I’m currently working with an organization on policy deployment and was reminded of an experience some years ago. I was meeting with a good friend who I consider to be one of the best manufacturing leaders I have ever known, and I’ve known a lot. We were walking the plant, and as I usually do, I stopped to chat with a shop floor employee. He worked in the sanitation department and was at the time sweeping the floor in the plant. I casually asked him if he knew how what he was doing contributed to the goals and objectives of the plant. He glared at me and said, “of course I do and why was I asking such a stupid question”. He then went on to explain how every action he was taking contributed to safety in the plant, employee morale and even minimizing product defects (contamination). I was both impressed and inspired. It recently struck me and reminded me while working with a client, that I had been trying to define the policy deployment “process” and not really defining the policy deployment “purpose”.
In the book “Hitchhiker’s Guide to Lean”, co-authored with lean guru and friend Jamie Flinchbaugh, we explain that understanding and defining the purpose of what you are trying to achieve is necessary, critical and the 1st step toward choosing the appropriate tool or technique. There are many text book explanations of policy deployment, for example: Strategic planning sets the direction. Policy deployment is the means by which real, actionable goals cascade down throughout the organization. It is frequently supported by a series of matrices that break objectives into smaller and smaller targets. These goals ultimately drive the specific things that front line leaders do to help the company achieve its strategy. Thus, policy deployment (PD) is a means of making sure that everything the company does contributes to the master plan of the organization. Only in the last sentence does the definition reveal the purpose. Simply put, in an ideal world everyone knows and can explain how any of their actions directly contribute to the goals and objectives of the organization.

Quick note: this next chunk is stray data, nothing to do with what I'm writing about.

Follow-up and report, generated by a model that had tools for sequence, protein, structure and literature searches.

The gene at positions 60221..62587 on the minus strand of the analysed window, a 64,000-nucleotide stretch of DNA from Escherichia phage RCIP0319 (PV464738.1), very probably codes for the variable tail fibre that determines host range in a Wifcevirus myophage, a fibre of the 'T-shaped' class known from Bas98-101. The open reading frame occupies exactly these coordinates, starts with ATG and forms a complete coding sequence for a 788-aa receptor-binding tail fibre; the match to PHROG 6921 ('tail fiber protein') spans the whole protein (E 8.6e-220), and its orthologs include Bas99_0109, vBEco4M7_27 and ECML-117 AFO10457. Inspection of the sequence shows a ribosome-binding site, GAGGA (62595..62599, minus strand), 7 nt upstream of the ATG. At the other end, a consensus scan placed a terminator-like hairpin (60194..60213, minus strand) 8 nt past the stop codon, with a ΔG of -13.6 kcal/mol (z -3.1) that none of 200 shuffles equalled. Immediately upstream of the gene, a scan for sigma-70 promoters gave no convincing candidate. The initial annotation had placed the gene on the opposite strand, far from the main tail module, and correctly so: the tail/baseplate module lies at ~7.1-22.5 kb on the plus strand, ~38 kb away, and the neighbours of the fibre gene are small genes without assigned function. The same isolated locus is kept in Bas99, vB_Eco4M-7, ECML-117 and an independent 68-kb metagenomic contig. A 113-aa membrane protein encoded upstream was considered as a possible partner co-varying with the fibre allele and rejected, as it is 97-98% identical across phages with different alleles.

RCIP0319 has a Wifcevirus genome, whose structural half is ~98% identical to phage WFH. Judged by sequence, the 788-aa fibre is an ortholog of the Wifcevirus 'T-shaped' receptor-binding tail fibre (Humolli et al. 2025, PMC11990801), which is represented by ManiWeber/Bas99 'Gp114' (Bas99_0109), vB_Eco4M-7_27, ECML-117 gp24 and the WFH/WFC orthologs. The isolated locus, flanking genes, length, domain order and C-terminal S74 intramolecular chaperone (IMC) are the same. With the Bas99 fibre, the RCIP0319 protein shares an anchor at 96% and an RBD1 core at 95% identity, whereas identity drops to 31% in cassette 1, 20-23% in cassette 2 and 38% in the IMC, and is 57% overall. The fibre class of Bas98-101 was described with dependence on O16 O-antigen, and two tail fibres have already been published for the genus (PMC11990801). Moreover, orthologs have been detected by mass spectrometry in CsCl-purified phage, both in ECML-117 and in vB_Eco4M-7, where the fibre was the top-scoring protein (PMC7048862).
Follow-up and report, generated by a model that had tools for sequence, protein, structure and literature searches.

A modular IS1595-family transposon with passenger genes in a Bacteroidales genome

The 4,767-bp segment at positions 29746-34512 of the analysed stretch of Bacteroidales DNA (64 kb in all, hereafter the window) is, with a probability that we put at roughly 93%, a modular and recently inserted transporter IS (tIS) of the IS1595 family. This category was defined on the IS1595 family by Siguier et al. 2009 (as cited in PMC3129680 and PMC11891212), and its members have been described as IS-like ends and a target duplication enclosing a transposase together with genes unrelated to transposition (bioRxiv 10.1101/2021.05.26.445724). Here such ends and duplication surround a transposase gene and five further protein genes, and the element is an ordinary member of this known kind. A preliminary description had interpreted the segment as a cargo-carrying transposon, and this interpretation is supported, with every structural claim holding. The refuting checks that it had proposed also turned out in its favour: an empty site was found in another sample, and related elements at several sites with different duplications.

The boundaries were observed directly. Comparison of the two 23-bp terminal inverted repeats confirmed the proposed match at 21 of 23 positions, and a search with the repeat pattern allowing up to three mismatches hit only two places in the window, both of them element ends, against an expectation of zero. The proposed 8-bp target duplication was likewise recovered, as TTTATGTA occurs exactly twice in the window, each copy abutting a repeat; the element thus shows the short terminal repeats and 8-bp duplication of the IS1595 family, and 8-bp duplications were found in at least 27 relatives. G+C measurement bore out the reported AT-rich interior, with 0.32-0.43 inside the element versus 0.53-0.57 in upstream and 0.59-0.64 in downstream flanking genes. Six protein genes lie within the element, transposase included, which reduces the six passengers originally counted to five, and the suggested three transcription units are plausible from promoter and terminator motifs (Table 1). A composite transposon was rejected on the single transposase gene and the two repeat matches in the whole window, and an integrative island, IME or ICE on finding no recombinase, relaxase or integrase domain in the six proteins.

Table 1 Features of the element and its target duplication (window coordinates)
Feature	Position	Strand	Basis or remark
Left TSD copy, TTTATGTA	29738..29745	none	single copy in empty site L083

The focus of this blog is not pure policy deployment, which starts with the corporate strategy, but rather the tactics of policy deployment at a plant, a hospital, a bank, a retail outlet or any other tactical level of an organization, and is better defined as “the organic flow of information that runs through the organization with goals and objectives driven top down while results are returned from the bottom up.
So much of what I see on scoreboards or scorecards at every level of the organization are lagging indicators of results. We have all seen the safety cross on the shop floor scoreboard that at the end of a shift/day is color-coded green, yellow or red. Hopefully when there is a red there is also an obvious corrective action. Unfortunately, it’s too late. They are simply measuring a result and reacting to that result. Lagging measures/indicators are typically “output” and reaction oriented. Typically, you don’t have direct control and are difficult to influence. I’m not saying that lagging indicators/measures are not important, they are. You need to know the results and impact of your actions. However, effective policy deployment requires leading indicators/measures at every level of the organization. Leading indicators are typically “input” and action oriented and can be influenced. Simply put; lagging indicators analyze and report past performance, leading indicators influence future performance. The simplest and most common example is a weight loss goal. Standing on a scale and determining your weight is a lagging indicator. Easy to measure but you can’t do anything about it. Calories taken in and calories burned are leading indicators. More difficult to measure but actionable and can be influenced.
The DNA of policy deployment is leading indicators/measures at every level of the organization. This is easier said than done and my experience suggests that you’ll have to experiment before finding the appropriate indicators. Leading indicators are typically more difficult to identify and capture. They need to relate specifically to the work and process of the individuals and the area. As Jamie and I have often said, “you need to get to the bottom of the iceberg”.